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Fleming Island senator: 'It's time' for sentencing reform

Panel throws support behind bill sponsored by Senate budget chief Rob Bradley

TALLAHASSEE, Fla. – A Senate panel on Tuesday threw its support behind a bill that would loosen mandatory minimum sentencing laws for some drug-trafficking offenses, a proposed change that ran into opposition from law enforcement officials.

While advocates called the proposal a “modest step” toward sentencing reform, a representative of the Florida Police Chiefs Association raised concerns about the bill not being tough enough. 

The proposal, sponsored by Senate budget chief Rob Bradley, would allow judges to consider shorter sentences for drug-trafficking defendants who meet certain criteria. However, the measure would not affect drug-trafficking offenses that carry a mandatory minimum of 25 years in prison.

“What this bill says is that there will be a judge ... who will review all the particular facts, will make a decision on what is right in that particular case,” Bradley, a former prosecutor, said.

But Gary Hester, a Florida Police Chiefs Association lobbyist, expressed concern about a provision in the bill that would allow judges to have discretion over cases involving people who are caught with 400 grams of cocaine, whom Hester called “high-level traffickers.” 

“Someone would have to possess 150 kilograms, which is over 330 pounds, of cocaine to actually be assured they are going to prison under the current statute,” Hester said.

Championing his bill (SB 346), Bradley argued that state lawmakers can make an impact on the lives of drug addicts by reforming sentencing laws.

“Let me just talk to my friends in the building for just a second. It is time to do this. We’ve talked about it for a long time,” Bradley told the committee. “(Let’s) get out of our corners and let’s do something right for the people of the state of Florida.”

He added his bill “may just make justice a little bit brighter.”

To depart from mandatory minimum sentences laid out in state law, judges would determine if a defendant meets certain criteria.

To qualify, a defendant could not have prior felony convictions in which force or violence was used. Defendants would also need to “truthfully” provide law enforcement with all of the information and evidence associated with their cases, and they would not be able to be in possession of a firearm at the time of their crimes.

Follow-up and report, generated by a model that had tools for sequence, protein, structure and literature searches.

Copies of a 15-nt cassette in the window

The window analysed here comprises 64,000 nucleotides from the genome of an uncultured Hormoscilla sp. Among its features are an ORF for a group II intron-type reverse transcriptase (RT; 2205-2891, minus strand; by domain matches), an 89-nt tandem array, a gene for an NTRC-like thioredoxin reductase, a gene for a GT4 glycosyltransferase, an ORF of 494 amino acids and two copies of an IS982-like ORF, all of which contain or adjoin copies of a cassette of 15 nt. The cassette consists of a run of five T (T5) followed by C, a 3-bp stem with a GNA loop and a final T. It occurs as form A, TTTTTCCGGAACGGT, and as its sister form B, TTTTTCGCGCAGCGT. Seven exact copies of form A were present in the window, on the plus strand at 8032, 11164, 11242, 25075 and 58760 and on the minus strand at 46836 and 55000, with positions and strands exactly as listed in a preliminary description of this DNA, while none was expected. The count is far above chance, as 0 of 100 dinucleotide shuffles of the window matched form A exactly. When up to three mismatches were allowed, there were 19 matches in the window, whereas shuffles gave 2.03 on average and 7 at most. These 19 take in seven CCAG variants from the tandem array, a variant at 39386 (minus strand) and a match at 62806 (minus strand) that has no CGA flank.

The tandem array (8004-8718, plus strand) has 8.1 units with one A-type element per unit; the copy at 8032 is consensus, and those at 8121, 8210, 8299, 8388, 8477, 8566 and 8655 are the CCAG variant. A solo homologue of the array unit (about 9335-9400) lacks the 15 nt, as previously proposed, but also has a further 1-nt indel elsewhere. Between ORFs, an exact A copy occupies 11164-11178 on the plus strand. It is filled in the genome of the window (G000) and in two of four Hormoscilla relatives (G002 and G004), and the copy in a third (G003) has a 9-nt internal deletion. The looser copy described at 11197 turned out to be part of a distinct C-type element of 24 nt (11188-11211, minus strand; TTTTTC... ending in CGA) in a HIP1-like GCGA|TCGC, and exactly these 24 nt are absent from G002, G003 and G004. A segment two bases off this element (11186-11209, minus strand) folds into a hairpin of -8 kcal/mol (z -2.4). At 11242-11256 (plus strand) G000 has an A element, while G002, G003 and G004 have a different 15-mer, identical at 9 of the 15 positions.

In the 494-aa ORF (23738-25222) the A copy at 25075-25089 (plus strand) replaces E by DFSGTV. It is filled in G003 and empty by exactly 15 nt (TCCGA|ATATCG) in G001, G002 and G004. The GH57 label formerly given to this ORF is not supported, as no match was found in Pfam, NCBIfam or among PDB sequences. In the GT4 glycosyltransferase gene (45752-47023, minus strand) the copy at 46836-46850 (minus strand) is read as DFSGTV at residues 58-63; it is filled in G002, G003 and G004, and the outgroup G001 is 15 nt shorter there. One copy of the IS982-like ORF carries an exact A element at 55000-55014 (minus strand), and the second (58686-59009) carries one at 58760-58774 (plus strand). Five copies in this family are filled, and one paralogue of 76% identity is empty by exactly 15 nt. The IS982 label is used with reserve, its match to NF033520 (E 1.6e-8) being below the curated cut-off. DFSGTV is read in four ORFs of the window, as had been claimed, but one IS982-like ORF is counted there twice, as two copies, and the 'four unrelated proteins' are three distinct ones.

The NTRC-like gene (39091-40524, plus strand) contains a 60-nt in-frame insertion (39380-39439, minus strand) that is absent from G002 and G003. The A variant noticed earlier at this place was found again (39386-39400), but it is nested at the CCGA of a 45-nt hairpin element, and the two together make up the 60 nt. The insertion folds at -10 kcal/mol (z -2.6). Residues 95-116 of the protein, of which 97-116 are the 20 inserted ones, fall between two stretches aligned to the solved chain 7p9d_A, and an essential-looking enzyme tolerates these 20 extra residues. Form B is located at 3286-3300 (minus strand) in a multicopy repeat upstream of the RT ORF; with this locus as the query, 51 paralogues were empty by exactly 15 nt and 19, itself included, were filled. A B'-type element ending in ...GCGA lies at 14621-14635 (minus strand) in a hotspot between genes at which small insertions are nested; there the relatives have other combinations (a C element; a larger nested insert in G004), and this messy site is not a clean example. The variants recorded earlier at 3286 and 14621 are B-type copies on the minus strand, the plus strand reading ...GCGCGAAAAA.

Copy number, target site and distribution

“State prison needs to be reserved for the worst of the worst,” Bradley, a Fleming Island Republican, said. “Somewhere along the way we have gotten in the habit of people going to state prison for things that in other countries, and in other states, they would not be going to state prison.”

Bradley’s bill would also set a maximum incarceration time of 12 months for people who buy or are found in possession of less than two grams of a controlled substance, other than fentanyl.

The criminal justice committee unanimously approved the measure, which faces two more committee stops before a full Senate vote. A companion bill has not been filed yet in the House.

Greg Newburn, state policy director for Families Against Mandatory Minimums, said the proposal was a “modest step” toward making Florida’s criminal justice system better.

The proposal “is a toe in the water” while “other states are doing cannonballs into the pool” by loosening mandatory minimum sentencing laws, Newburn told the committee.

“Don’t listen to the Chicken Little nonsense that, without stiff mandatory minimums, drugs would be out of control. They are out of control now,” an obviously frustrated Newburn said, following Hester’s testimony.

Sen. Randolph Bracy, an Orlando Democrat who has pushed criminal justice reforms since he was elected to the Legislature in 2012, asked Bradley to consider giving judges discretion over cases that also include sentences of at least 25 years in prison.

Bracy pointed to a state law requiring a 25-year mandatory minimum sentence for individuals who are convicted of possessing 28 grams or more of drugs that include heroin, oxycodone or hydrocodone.

“I would just ask that you reconsider the 25-year threshold,” he said. “There are still people who are users that would meet that threshold.”

In addition to changing some drug-trafficking sentencing laws, Bradley’s bill also includes language that would require law enforcement officers to record all interrogations of an individual in their custody.

If an interrogation is not recorded, officers would be required to provide a written report documenting why the recording was not made.

Sen. Jason Pizzo, a North Miami Beach Democrat who is a former prosecutor, asked Bradley to consider allowing law enforcement officers to use their cell phones to make video or audio recordings. Pizzo suggested clarifying that the officers would not have to give prosecutors text messages or other information on their cell phones.

Bradley said he was open to considering such a provision, but added he wants more information about  potential privacy concerns.